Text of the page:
Sitting on a bench, somewhere in a corner of town, two young siblings are 'laughing, dreaming and talking sh*t' about their bright plans for the future, like moving to another city and having a good job. The boy is only sixteen and his older sister is quite protective towards him. She is in love with a local guy and she can already see herself having a family with him. But, when the future hits and becomes present, things are completely different from what they had imagined. Unemployment leads quickly to desperation and the lack of opportunities nurtures a looming mental illness. The sister is now a single mother-of-two and her brother suffers from depression and panic attacks, which make him unfit for work. Government benefits are the only thing that keeps them afloat, but the social system is oblivious to their dramatic situation and fails to give the necessary support. In a crescendo of trips to the job centre and ignored cries for help, nothing is left – nothing worth living for.
Kicked in the Sh*tter follows last year's West End success of playwright Leon Fleming and director Scott Le Crass with Sid, and confirms the creatives' ability to depict the young generations with vivid and thought-provoking tones. On a note included in the programme, they both explain how this play contains many autobiographical elements, which they felt the need to share with the audience. 'This is not poverty porn,' writes Le Crass, who considers the derogatory comments on a person's socio-economic situation unacceptable and urges for a more open discussion about mental health.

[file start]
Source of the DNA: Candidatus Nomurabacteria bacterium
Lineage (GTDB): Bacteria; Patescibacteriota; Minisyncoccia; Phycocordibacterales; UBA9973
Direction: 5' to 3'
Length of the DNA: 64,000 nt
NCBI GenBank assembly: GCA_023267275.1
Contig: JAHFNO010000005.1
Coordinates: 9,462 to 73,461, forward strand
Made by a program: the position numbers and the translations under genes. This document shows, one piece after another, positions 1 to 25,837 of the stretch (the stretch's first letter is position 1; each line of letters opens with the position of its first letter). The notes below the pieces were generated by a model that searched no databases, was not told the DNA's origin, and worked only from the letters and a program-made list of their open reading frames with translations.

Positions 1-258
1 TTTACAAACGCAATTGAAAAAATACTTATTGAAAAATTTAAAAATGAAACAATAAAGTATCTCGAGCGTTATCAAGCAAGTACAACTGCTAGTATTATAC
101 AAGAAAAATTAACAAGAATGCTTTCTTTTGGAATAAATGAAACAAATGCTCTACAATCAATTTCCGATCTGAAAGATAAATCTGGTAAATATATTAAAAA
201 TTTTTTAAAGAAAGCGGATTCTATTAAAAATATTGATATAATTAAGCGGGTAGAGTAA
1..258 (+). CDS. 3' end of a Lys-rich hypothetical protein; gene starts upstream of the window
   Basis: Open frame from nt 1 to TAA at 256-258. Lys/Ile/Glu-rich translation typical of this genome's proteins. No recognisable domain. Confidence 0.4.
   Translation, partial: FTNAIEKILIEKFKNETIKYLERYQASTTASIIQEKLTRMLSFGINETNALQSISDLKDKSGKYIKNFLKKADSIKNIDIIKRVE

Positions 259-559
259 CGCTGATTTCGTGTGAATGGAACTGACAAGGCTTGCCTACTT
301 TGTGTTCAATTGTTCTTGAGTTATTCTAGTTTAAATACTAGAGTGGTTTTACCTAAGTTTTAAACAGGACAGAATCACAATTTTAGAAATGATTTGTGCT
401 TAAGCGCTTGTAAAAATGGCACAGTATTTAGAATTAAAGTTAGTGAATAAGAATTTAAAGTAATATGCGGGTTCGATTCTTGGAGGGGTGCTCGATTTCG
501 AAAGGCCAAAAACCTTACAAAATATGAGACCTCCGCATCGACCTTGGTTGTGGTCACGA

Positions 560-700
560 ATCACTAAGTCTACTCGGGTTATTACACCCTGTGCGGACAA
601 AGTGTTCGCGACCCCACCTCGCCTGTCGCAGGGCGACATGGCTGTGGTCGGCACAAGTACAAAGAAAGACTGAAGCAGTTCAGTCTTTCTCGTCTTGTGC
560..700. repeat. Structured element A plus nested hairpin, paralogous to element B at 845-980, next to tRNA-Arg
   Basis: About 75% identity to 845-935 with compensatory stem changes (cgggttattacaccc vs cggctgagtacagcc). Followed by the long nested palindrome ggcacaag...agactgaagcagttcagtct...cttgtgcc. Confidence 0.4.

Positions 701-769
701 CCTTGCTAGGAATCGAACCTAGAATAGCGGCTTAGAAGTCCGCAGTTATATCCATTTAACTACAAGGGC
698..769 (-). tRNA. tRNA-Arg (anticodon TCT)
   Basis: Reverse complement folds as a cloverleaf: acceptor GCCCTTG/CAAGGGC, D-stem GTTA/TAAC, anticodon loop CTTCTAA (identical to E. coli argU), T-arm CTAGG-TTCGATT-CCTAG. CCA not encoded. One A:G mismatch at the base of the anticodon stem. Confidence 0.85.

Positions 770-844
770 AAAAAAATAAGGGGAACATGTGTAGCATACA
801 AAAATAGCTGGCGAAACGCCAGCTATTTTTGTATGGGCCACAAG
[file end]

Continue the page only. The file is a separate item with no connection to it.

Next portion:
In a recent interview, Fleming explained that, because of its broad topics, Kicked in the Sh*tter is a play that everyone can easily relate to and, after watching it, I felt its powerful message lingering in my mind for a long time. The style is raw and poignant and the writing doesn't leave space for rhetorical speech. The lines seem taken directly from our everyday dialogues and are delivered by the actors with a realistic mix of hanger and despair. The description of some feelings and mental states is striking, like depression, which the boy calls a 'massive black empty but solid, hard and spiky' thing.
Helen Budge and James Clay emotional performances as the siblings stand out against the concrete blocks scattered on stage. Justin Williams and Jonny Rust intentionally designed a bare set to draw all the attention to the script, rather than the production values. Adam Langston's musical score is also quite discreet, whilst Jai Morjaria lighting has a prominent role in outlining the changes of location and the continuous shifting between past and present.
Kicked in the Sh*tter is a play about our young selves dreaming big and suddenly called to face reality in our adult lives. As such, watching it is meant to hurt and, thanks to Leon Fleming straightforward writing and Scott Le Crass no-frills direction, it does hurt indeed.
Review by Marianna Meloni